Gulf countries' failure to take Syrian refugees "shameful"

Gulf countries' failure to take Syrian refugees "shameful"
Syrian refugees warm themselves around a fire in Hacibayram district of Ankara November 21, 2014.

LONDON - Wealthy Gulf states have failed to resettle a single refugee from the Syrian conflict - a "particularly shameful" omission by countries that should be at the forefront of those offering shelter, Amnesty International said on Friday.

Syria's supporters in the UN Security Council, China and Russia, have also failed to resettle any refugees since the crisis began more than three years ago, Amnesty said in a report ahead of a UN pledging conference for Syria in Geneva next week.

More than 3 million Syrians are being hosted in just five neighbouring countries: Turkey, Lebanon, Jordan, Iraq and Egypt, placing an enormous strain on resources. The rest of the world has offered to take just 63,170 refugees.

"The shortfall in the number of resettlement places for refugees offered by the international community is truly shocking," Sherif Elsayed-Ali, Amnesty's head of refugee rights, said in a statement.

"The complete absence of resettlement pledges from the Gulf is particularly shameful. Linguistic and religious ties should place the Gulf states at the forefront of those offering safe shelter to refugees fleeing persecution and war crimes in Syria."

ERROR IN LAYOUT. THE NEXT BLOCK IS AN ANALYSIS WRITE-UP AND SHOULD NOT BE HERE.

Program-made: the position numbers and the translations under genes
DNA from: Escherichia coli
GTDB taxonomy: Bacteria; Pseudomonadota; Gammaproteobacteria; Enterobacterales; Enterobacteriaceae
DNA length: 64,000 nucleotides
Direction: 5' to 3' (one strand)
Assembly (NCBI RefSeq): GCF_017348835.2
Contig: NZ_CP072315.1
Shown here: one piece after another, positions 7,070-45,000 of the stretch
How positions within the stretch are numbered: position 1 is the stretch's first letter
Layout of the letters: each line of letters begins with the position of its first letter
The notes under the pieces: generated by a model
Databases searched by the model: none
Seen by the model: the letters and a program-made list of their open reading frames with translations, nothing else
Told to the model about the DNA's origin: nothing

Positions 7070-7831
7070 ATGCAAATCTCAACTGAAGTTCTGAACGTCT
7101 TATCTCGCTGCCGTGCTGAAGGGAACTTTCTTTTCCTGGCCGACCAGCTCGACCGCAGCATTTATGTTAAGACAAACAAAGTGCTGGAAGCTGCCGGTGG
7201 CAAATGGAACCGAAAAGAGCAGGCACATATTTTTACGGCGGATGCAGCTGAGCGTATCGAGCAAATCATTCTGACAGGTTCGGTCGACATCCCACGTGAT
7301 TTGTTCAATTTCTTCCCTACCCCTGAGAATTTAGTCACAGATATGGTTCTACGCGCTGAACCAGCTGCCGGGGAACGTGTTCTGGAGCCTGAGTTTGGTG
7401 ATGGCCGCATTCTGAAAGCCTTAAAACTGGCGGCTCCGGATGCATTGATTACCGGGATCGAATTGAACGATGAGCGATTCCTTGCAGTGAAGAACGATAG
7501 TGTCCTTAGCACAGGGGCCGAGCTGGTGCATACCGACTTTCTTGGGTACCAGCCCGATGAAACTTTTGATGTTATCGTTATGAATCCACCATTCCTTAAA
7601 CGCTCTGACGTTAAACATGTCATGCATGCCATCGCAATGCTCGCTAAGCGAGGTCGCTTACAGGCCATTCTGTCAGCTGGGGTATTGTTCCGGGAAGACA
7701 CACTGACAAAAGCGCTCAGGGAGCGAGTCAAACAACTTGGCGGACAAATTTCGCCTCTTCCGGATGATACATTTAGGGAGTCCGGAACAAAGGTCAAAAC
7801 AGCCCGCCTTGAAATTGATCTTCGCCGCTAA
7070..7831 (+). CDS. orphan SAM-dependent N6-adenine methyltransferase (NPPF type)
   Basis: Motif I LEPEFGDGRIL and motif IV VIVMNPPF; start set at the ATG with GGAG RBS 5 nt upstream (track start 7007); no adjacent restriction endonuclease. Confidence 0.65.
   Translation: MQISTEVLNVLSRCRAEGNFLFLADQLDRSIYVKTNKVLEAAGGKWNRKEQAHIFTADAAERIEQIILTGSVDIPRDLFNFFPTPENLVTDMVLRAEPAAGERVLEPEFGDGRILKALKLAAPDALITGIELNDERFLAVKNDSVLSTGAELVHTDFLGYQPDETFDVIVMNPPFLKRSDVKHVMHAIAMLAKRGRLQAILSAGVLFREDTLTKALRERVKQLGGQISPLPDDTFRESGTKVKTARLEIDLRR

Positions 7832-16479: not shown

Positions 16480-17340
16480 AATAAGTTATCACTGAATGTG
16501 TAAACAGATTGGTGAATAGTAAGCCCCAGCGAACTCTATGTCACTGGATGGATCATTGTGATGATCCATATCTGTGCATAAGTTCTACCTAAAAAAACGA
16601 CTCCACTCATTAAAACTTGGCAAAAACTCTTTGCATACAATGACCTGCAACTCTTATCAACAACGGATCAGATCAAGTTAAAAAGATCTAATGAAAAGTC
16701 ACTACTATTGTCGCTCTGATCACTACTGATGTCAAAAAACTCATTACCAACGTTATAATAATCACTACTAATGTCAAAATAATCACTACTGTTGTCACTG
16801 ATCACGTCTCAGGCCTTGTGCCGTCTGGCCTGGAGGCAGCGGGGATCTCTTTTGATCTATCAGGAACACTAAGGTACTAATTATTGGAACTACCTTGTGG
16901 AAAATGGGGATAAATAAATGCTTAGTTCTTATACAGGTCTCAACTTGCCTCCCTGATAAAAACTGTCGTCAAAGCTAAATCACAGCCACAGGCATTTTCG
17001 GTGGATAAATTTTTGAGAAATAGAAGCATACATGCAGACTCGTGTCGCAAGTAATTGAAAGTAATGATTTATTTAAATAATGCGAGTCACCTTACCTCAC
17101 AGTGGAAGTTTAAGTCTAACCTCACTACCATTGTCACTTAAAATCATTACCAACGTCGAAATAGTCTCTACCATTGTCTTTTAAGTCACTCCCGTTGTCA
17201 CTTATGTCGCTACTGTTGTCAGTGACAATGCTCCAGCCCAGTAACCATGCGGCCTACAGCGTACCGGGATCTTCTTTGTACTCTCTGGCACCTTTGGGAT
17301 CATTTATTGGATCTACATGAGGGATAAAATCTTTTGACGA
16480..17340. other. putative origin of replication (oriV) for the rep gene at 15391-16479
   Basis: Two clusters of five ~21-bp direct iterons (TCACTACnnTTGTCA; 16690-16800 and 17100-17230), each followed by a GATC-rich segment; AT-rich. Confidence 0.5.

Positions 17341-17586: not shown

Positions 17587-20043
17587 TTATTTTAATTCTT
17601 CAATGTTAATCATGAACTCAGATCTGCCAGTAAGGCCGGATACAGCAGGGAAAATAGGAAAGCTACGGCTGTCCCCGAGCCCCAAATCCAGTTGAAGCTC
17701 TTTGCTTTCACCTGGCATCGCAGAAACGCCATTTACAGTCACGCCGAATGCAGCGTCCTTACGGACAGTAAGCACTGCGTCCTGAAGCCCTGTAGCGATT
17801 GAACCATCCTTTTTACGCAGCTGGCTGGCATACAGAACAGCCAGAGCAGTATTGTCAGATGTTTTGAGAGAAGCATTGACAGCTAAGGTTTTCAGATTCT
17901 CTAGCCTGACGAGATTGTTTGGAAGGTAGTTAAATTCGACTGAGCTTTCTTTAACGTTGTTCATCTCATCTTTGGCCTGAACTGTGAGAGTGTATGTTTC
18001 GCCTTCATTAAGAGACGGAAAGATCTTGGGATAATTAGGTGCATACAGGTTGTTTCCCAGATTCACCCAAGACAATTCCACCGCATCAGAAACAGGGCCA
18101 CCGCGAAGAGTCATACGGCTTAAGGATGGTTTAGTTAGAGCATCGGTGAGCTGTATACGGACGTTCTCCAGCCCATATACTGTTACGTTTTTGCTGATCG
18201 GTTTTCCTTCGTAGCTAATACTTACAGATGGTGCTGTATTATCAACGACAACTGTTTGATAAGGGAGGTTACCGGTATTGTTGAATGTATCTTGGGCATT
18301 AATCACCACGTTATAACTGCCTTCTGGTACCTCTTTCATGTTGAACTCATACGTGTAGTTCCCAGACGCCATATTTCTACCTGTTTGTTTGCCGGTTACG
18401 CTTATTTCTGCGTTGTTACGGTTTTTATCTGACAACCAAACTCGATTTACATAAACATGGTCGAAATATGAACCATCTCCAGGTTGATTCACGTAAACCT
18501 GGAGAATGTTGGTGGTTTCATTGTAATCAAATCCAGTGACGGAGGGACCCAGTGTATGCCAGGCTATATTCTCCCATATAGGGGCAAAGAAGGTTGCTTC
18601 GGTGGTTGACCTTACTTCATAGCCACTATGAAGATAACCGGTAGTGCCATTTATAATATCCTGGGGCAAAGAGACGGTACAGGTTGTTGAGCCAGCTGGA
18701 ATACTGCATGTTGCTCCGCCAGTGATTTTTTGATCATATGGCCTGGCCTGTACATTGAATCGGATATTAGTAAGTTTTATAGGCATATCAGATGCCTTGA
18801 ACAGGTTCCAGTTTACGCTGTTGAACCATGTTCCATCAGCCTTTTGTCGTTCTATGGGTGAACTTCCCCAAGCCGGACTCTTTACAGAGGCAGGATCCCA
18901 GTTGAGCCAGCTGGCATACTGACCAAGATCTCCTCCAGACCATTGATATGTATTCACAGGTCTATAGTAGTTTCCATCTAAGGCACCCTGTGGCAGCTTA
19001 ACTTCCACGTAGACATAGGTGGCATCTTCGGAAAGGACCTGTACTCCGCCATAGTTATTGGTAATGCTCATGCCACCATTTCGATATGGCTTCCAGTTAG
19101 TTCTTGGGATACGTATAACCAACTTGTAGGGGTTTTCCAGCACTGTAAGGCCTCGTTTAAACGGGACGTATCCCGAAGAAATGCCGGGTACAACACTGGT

Nearly 380,000 people have been identified as in need of resettlement by the UN refugee agency. They include torture survivors, unaccompanied children and people requiring medical treatment.

Within the European Union, Germany has pledged to resettle 30,000 refugees, Amnesty said. The next five largest EU countries have offered just 2,000 places between them.

"If a tiny country with a weak economy and huge debt like Lebanon can accommodate an increase of a quarter of its population, others can certainly be doing more to help," said Elsayed-Ali.

The lack of international support has left the main host countries struggling to cope and refugees are facing increasing hostility as a result.

Attacks against Syrians have surged in Lebanon, while in Jordan locals are complaining about competition for jobs. Both countries, along with Turkey, have tightened their borders in recent months.

Amnesty wants at least 5 per cent of Syria's refugees to be resettled by the end of 2015.

It said that despite generous financial pledges for UN aid efforts from rich countries like Britain, United States and Kuwait, money alone was not enough.

"Countries cannot ease their consciences with cash pay-outs, then simply wash their hands of the matter," said Elsayed-Ali.

 

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